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Cover Story: Corrosion Of Conformity • Destination: Heavy Chicago

| October 1, 2023

Corrosion of Conformity

Chicago’s newest music venue, Avondale Music Hall, will be hosting its inaugural heavy metal festival Heavy Chicago over the course of two weekends.

Headlining the festival on Saturday, October 28, is Chicago’s beloved doom pioneers Trouble, which will be extra special as this will be the band’s first hometown show in five years.

“We are extremely excited to kick off the first inaugural Heavy Chicago Fest,” Trouble guitarist Rick Wartell told IE last month. “Chicago is our hometown, so it’s always great to play here, and we know the fans will come out to support the scene. We’re really encouraging everyone to participate in all three days to make the festival as successful as possible.”

Also slated for opening night are San Francisco doom/stoner metal band Acid King, Madison, Wisconsin’s stoner rock band Bongzilla, and Chicago doom metal veterans November’s Doom, topping off opening weekend with killer local representation.

“The bill is incredible, and the promoters have put a lot of work into curating an amazing experience for the fans and bands alike,” Wartell says. “Knowing some of the bands personally, we know it’s going to be a lot of fun, and we’re looking forward to seeing some bands we haven’t had the chance to perform yet. We’re also looking forward to seeing our fans and friends and putting on a really great performance.”

The following weekend, Saturday, November 4, North Carolina Southern-fried sludge metal veterans Corrosion Of Conformity will be headlining, preceded by California space rockers Nebula and Milwaukee’s The Crosses—featuring die Kreuzen singer Dan Kubinski for an “all die Kreuzen” set. Local bands Speedfreak and Dust Biters will open the show.

The following day, Sunday, November 5, concludes the festival as the legendary DRI will grace the stage with a headlining set celebrating 40 years of Crossover, preceded by grindcore legends Repulsion (the band’s only show of 2023) and Chicago’s “murder metal” maestros Macabre. Death Metal, Embryonic Autopsy, and The Suffering will open the show.

When the Heavy Chicago promotors invited Corrosion of Conformity to headline Day Two of the festival, the band immediately said yes, as the members are always pumped to play Chicago.

“Chicago’s always been fun,” guitarist/vocalist Pepper Keenan exclaims during a recent phone interview. “I think I’ve played the House of Blues more than any place on Earth. We always have a great time in Chicago, and it’s just one of those places that we usually end up feeling worse (the next day) than when we got there!”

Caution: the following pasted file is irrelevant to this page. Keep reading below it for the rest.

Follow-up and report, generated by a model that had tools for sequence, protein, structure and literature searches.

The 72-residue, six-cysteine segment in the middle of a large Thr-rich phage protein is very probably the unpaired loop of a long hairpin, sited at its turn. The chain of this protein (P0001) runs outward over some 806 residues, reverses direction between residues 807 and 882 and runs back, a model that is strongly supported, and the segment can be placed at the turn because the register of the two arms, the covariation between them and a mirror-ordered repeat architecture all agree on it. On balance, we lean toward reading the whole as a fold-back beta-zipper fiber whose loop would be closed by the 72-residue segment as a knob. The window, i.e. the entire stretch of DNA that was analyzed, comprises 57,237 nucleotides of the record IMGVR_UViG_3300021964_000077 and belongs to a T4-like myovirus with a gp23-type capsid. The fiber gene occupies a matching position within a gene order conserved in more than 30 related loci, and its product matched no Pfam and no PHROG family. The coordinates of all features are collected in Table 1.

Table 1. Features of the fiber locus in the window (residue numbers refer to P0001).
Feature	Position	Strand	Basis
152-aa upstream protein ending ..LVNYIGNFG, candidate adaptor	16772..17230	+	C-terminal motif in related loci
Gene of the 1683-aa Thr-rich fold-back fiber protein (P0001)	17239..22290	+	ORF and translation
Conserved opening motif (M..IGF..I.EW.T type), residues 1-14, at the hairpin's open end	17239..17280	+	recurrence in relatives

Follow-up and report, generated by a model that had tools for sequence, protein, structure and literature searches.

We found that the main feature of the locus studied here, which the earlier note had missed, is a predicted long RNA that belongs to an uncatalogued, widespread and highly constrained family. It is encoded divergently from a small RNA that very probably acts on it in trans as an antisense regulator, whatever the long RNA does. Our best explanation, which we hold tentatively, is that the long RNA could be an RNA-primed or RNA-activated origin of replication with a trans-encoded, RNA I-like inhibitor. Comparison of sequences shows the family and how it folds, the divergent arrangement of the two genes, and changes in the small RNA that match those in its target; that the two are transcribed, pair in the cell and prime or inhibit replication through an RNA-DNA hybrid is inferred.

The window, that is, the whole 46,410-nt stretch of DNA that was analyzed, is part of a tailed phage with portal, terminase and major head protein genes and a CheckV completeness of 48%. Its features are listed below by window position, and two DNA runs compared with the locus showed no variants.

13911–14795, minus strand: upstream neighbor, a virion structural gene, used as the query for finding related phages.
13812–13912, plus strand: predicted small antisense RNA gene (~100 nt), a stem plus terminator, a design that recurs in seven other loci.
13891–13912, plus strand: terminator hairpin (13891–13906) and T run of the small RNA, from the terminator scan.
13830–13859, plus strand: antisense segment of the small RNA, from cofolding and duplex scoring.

Formed in 1982 in Raleigh, North Carolina, by teenagers and childhood friends guitarist Woody Weatherman, bassist Mike Dean, and drummer Reed Mullin, COC were massive Black Sabbath fans with hardcore influences such as Black Flag, Bad Brains, and The Dead Kennedys. The band’s 1984 debut album Eye for an Eye, featuring vocalist Eric Eycke, consisted of raw, energetic, sped-up Sabbath riffs with crossover/thrash metal tendencies.

By the time of their follow-up album Animosity the following year, Eycke was gone, and Dean took over lead vocals and created a noticeable difference to the band’s musical vocabulary with a more tight and concise direction while also adding more thrash metal elements to the musical mix.

“We had done a show with Slayer in ’84 in Baltimore—it was our first time playing with Slayer—and (Tom) Araya said he was going to hook us up with their label,” Weatherman remembers during a recent phone interview. “A few weeks later, (Brian) Slagel from Metal Blade had hollered at us, and we wound up going out to Los Angeles to record one of the sides of the *Animosity* record. It was a big leap studio-wise, gear and professionalism. We had Bill Metoyer, who was a pretty prolific producer for Metal Blade during that time. It was a different world than (being) in the little basement studio we had for the *Eye for an Eye* record. And it sounded better; it was better production. So I think that just played a big part of it.”


By the dawn of the 1990s, there were more changes about to come for COC. The band welcomed new vocalist Karl Agell and guitarist Pepper Keenen into the group, expanding it to a quintet for the first and only time in its career. The band also dropped its punk influences and adopted a new sludge/stoner/groove metal sound that would change the band’s musical direction from here on out.

“That was the first record I had done with the guys,” Keenen reflects. “I was living in North Carolina playing guitar 24 hours a day. We must’ve lived in the practice room. We had a little momentum, and all the pieces of the puzzle were getting close to being finished. We did that record and had a lot of ammunition with it. We just changed direction. The scene was getting kind of stale, and we just went a different direction.”

With prolific producer John Custer behind the knobs of Blind (and every COC album after it), the band took another step forward with its sound.

“We just tried to make moves forward every time we head to the studio,” Weatherman explains. “We spent a hell of a lot more time, production-wise, songwriting and everything else than we had done previously. We made the decision that we weren’t just going to be stuck being a hardcore band for the rest of our lives, and that’d be all that we’d do. We wanted to branch out and be true to the other half of our roots. That’s how the *Blind* record came about. It was a game changer, and we did a lot of touring for that record as well.”

Three years later, more changes within the band were afoot with the next album, Deliverance. With each album up to that point, the band changed musical directions as well as vocalists. Keenan, who sang lead vocals on the track “Vote With A Bullet” on the *Blind* album, took over as permanent lead vocalist on *Deliverance* after Agell left after just one album with the band, once again changing the dynamic and musical chemistry.